The simulated absorption spectra of the proposed MA were determined from a finite-difference time-domain (FDTD) simulation. In the simulation, the unit cell boundary conditions were applied in the x and y directions, while the Floquet port condition was imposed along the z direction. Moreover, a plane EM wave was assumed to hits the surface of the MA. The absorptivity (A) can be defined as \(A\left(\upomega \right)=1-{|{S}_{11}(\upomega )|}^{2}-{|{S}_{21}(\upomega )|}^{2}\), where \({S}_{11}(\upomega )\) and \({S}_{21}(\upomega )\) are the reflection and the transmission coefficients, respectively. Since the transmission coefficient \({S}_{21}(\upomega )\) is zero due to the total reflection of copper ground plane, the absorptivity can be simplified as \(A\left(\upomega \right)=1-{|{S}_{11}(\upomega )|}^{2}\). The simulated reflection and absorption spectra of the proposed MA under normal incidence are shown in Fig. 2a. The proposed MA exhibits three absorption peaks at 8.5, 13.5, and 17 GHz with absorption of 99.9%, 99.5%, and 99.9%, respectively; the corresponding Q factor of each resonant mode can reach 26.8, 28.4, and 27.1, respectively.

Fig. 2

a Simulated absorption and reflection spectra at normal incidence. b Absorption spectrum for different polarization angles φ. Absorption for different θ values for c TE and d TM polarization

Figure 2b shows the absorption spectra of the proposed MA structure for different polarization angles. One can see that the absorption of the MA remains stable for polarization angle ranging from 0° to 90°. Therefore, the proposed MA is insensitive to polarization of incident EM waves. In addition, we further investigated absorption in the designed MA at oblique angle of incidence (θ). For TE polarization, as shown in Fig. 2c, the absorptivity decreases as θ increases. This may occur because increasing θ decreases the horizontal component of the electric field intensity for TE waves. Therefore, the effectiveness of the circulating current generated by the incident electric field gradually decreases. However, the three absorption peaks remain above 86% as θ reach up to 60°. For TM polarization, as shown in Fig. 2d, the absorptivity at each resonance peak is greater than 99% at θ = 60°. This occurs because absorption in the proposed MA is less sensitive to changes in the electric field intensity caused by an increase in θ. Another advantage of the proposed MA is the absorption frequency stability, as shown in Fig. 2, where the three distinct absorption peaks do not change significantly as θ increases.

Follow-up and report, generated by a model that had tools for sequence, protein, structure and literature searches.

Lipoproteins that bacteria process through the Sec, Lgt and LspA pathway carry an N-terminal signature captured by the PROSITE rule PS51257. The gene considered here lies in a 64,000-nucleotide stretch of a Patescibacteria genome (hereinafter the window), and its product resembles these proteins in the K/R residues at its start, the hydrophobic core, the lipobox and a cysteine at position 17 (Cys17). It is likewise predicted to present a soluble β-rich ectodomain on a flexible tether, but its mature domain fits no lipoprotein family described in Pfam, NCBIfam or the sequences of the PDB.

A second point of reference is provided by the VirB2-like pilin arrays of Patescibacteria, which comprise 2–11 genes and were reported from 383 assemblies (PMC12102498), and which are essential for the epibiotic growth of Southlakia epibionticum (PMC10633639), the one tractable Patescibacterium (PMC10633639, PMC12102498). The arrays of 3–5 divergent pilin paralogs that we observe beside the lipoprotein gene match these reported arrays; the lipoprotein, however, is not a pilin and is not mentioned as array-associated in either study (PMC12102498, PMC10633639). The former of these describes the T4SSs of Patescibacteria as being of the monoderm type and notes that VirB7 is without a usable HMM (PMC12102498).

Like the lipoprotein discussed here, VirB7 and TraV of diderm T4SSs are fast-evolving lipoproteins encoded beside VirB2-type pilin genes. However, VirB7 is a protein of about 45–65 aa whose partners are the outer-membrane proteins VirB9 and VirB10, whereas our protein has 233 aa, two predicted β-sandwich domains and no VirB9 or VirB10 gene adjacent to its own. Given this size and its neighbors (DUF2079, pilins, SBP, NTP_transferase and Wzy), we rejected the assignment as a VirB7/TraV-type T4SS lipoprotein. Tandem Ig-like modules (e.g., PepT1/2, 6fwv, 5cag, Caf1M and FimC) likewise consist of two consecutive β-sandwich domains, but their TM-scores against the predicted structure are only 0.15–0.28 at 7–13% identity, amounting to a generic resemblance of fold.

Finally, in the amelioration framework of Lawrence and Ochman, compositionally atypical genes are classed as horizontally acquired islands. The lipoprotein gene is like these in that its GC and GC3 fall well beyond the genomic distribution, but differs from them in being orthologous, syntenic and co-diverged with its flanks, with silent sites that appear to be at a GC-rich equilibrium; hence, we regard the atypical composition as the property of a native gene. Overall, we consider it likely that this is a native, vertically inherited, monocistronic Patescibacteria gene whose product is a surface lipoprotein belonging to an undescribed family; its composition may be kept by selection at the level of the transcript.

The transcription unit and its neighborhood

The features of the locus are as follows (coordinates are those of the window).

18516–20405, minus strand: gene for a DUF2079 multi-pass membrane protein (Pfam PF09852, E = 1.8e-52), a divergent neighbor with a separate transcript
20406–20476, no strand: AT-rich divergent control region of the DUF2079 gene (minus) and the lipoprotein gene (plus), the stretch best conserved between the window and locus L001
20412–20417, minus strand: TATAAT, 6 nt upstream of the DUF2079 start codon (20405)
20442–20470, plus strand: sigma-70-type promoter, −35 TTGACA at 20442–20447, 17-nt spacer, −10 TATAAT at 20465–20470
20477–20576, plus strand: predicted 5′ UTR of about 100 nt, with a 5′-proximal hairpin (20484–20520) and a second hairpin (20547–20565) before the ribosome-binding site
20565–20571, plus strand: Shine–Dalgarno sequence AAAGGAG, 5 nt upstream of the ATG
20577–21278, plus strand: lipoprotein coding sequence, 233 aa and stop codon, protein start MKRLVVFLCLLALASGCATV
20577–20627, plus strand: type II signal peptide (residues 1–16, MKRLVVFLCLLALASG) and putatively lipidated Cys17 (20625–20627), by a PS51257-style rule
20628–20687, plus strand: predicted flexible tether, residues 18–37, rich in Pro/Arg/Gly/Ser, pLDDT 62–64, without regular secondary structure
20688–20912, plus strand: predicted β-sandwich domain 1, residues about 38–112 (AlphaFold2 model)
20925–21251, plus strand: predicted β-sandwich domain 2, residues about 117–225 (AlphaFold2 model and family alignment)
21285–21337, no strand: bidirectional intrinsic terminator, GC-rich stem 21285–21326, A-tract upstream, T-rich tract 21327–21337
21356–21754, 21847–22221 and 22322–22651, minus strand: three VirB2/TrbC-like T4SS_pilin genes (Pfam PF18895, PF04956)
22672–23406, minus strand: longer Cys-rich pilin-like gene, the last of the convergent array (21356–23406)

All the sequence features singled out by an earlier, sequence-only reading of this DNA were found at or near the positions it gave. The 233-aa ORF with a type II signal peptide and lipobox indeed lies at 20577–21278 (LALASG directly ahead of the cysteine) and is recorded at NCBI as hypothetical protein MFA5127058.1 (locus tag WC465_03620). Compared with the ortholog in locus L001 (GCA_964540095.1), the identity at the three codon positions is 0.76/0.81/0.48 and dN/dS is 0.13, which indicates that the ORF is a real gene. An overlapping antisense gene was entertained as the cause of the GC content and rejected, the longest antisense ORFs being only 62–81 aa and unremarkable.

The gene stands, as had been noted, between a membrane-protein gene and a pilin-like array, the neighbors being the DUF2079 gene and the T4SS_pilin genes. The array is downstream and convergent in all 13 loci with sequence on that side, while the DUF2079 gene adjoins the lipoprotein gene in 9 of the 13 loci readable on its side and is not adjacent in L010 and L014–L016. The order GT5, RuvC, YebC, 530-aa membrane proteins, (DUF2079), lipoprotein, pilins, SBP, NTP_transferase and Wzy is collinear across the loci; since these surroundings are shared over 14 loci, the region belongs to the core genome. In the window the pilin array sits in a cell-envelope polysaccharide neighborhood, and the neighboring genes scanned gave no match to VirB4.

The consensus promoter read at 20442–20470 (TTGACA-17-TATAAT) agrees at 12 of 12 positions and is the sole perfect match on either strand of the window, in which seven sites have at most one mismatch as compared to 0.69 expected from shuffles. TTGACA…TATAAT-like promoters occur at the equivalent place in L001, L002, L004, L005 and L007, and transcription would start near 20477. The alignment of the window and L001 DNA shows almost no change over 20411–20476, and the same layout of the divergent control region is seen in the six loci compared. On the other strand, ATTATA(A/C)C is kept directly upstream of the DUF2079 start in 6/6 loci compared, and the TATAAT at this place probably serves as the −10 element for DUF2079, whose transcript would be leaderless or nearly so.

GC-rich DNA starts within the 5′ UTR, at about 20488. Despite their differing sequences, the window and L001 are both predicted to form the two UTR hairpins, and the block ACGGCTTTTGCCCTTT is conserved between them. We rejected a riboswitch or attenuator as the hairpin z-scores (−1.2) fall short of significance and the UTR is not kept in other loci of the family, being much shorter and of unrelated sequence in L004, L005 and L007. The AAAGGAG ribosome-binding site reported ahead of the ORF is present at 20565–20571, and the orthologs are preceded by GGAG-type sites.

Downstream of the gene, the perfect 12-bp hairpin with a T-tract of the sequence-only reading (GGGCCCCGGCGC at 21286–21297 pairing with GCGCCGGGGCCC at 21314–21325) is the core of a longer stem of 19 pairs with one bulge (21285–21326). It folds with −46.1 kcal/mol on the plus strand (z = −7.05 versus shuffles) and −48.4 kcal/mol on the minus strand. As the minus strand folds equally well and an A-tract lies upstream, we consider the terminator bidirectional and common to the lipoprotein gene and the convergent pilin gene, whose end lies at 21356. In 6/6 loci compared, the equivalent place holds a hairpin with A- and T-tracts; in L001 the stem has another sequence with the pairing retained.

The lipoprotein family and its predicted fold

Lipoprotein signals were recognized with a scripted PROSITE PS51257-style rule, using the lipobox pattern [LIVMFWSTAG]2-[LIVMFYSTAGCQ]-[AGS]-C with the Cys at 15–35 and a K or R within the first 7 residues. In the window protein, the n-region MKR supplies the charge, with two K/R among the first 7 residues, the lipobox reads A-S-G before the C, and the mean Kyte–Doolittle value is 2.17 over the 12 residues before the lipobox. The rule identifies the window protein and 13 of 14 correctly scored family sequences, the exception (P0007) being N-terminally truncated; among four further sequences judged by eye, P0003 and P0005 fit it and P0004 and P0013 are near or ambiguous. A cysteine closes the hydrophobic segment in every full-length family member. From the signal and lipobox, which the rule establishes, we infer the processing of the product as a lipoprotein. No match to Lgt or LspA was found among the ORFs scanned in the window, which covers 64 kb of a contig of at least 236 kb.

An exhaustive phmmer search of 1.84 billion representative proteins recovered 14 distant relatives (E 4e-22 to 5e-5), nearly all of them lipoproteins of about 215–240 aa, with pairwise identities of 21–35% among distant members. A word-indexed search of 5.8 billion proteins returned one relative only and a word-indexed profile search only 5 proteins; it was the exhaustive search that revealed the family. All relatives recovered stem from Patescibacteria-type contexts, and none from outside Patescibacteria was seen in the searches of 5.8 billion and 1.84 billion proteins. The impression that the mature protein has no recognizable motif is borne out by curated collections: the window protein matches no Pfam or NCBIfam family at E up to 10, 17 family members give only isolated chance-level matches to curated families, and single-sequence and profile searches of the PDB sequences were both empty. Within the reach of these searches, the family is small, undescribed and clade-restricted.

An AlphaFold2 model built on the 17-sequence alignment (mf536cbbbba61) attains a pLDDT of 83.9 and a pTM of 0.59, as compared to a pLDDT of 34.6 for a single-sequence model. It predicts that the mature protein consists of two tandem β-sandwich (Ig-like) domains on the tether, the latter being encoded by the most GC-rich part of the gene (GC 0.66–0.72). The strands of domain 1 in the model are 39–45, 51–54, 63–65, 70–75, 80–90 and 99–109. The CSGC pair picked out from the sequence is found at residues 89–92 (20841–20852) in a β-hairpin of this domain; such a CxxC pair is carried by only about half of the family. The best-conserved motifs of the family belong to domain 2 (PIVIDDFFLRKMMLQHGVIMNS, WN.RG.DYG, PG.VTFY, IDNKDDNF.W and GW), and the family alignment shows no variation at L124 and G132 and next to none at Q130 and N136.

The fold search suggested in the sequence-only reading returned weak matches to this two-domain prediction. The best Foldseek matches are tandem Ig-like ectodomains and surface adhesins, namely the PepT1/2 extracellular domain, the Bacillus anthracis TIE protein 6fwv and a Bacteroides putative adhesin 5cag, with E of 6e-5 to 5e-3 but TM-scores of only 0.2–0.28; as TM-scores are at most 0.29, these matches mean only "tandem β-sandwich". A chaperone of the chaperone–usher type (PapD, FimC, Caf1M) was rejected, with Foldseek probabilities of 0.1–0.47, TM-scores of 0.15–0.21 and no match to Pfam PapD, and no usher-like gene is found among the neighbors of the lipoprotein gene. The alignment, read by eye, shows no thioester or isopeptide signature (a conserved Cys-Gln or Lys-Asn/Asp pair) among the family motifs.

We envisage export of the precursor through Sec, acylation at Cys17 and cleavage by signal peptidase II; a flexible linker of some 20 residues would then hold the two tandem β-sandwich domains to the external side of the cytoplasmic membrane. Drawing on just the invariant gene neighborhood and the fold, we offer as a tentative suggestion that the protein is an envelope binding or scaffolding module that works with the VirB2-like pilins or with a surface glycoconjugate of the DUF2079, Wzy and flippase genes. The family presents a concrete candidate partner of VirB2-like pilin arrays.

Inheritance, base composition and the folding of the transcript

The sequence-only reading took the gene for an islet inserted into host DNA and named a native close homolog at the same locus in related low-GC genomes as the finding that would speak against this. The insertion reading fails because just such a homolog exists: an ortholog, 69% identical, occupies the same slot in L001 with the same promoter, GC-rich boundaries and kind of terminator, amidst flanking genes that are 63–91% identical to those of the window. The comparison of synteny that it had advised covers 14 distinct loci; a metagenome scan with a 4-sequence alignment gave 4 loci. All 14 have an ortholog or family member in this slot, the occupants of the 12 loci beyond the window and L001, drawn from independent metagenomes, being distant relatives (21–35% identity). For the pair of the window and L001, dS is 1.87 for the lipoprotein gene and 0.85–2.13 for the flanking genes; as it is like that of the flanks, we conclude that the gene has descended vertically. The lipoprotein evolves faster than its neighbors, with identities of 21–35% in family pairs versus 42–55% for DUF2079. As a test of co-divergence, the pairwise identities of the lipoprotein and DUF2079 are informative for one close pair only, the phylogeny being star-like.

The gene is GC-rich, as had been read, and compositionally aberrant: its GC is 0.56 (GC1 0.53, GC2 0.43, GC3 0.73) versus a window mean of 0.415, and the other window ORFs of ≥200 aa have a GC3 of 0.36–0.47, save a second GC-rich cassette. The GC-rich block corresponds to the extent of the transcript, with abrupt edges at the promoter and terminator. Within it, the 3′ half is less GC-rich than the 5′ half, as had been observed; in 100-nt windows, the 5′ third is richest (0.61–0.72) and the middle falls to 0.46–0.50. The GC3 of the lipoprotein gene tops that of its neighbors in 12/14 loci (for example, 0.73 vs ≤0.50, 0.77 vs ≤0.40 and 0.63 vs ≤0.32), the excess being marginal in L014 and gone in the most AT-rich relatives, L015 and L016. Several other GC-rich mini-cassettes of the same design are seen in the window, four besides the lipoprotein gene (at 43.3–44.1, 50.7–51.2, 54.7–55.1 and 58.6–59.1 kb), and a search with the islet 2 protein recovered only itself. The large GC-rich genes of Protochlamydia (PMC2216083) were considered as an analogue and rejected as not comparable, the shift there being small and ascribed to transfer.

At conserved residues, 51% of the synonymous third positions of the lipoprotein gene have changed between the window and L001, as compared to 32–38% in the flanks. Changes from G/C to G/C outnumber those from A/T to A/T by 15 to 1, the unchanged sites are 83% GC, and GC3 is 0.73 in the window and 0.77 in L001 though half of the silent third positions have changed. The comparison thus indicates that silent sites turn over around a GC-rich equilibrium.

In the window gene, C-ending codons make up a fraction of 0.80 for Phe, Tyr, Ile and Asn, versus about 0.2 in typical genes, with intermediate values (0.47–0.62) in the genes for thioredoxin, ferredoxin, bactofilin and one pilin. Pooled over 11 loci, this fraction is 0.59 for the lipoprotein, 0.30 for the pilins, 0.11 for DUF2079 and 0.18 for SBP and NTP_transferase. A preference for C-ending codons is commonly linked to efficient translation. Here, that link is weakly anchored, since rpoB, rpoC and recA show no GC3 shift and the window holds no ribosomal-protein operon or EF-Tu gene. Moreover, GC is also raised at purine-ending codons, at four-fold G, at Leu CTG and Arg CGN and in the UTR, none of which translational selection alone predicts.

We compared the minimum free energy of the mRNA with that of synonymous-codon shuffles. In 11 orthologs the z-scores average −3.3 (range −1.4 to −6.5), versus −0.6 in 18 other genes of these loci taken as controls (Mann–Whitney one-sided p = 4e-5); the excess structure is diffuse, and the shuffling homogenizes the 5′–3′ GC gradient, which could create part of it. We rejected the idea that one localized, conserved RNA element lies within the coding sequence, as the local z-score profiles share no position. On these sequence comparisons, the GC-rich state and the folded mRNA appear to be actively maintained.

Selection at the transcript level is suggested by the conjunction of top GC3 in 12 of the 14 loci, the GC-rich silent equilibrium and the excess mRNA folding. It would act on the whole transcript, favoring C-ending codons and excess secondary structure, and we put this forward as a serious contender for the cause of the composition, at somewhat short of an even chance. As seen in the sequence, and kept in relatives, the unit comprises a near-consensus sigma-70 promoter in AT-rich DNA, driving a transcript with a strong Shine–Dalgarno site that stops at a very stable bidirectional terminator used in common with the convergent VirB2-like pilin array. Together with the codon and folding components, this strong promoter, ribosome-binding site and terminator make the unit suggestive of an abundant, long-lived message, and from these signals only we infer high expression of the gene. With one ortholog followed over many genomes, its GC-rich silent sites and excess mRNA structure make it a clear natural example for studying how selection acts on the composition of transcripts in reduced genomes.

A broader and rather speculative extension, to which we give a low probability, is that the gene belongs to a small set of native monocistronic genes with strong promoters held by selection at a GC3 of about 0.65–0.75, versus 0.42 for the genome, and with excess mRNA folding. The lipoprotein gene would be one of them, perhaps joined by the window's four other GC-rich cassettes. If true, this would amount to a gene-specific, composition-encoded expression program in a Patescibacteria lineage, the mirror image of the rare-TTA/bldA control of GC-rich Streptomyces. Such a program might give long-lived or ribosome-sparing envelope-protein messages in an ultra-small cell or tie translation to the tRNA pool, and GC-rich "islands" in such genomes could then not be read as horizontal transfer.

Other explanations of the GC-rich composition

Results and Discussion

In order to facilitate a detailed explanation of absorption, the response spectra for different parts of the resonance structure are presented in Fig. 3. As shown in Fig. 3, each element within the patterned layer is responsible for an individual and intense resonance. As a result, a combination of these elements leads to perfect multiband absorption. As part of the MRR design, a square patch is added to each corner of the closed ring resonator, which increases the electrical length of the ring resonator and red-shifts the absorption frequency without increasing the size of the structure.

Fig. 3

Contribution from individual elements to absorption

To further explore the mechanism of EM wave absorption, surface current density distributions on the top and bottom metallic layers corresponding to three absorption peaks are shown in Fig. 4. One can see that the surface current on the top patterned layer is concentrated on the MRR, the SRR, and the 7-shaped graphic structures at 8.5, 13.5, and 17 GHz, respectively. The surface current distribution also reveals the origin of wave absorption, as shown in Fig. 3. Compared with the surface current on the top layer, the intensity on the bottom ground layer is much weaker. The direction of the surface current on top layer is anti-parallel with respect to ground plane, which results in equivalent current loops within the MA that excites a magnetic dipole. Meanwhile, Fig. 5 shows the amplitude of the electric field (|E|) in the MA for incident TE-polarization waves when θ = 0°, 30°, and 60°. One can see that the electric field is strongly concentrated on the horizontal bars of the MRR as the MRR absorbs at 8.5 GHz. At 13.5 GHz, as shown in Fig. 5(b), perfect absorption is due to the LC resonance in the SRR. Finally, absorption at 17 GHz is due to a dipole resonance in the inner patch. The resonators in the top layer also develop electric resonances. Both the magnetic and electric resonances contribute to strong EM absorption in the proposed structure. In addition, Fig. 5 shows that the field intensity decrease as θ increases. As a result, EM wave absorption also decreases with the increase of θ.

Fig. 4

Simulated surface current distribution on the top patterned layer and bottom ground layer at a, d 8.5, b, e 13.5, and c, f 17 GHz

Fig. 5

The absolute of electric field distribution (|E|) in the MA for TE polarization at different incident angle θ of a 8.5, b 13.5, and c 17 GHz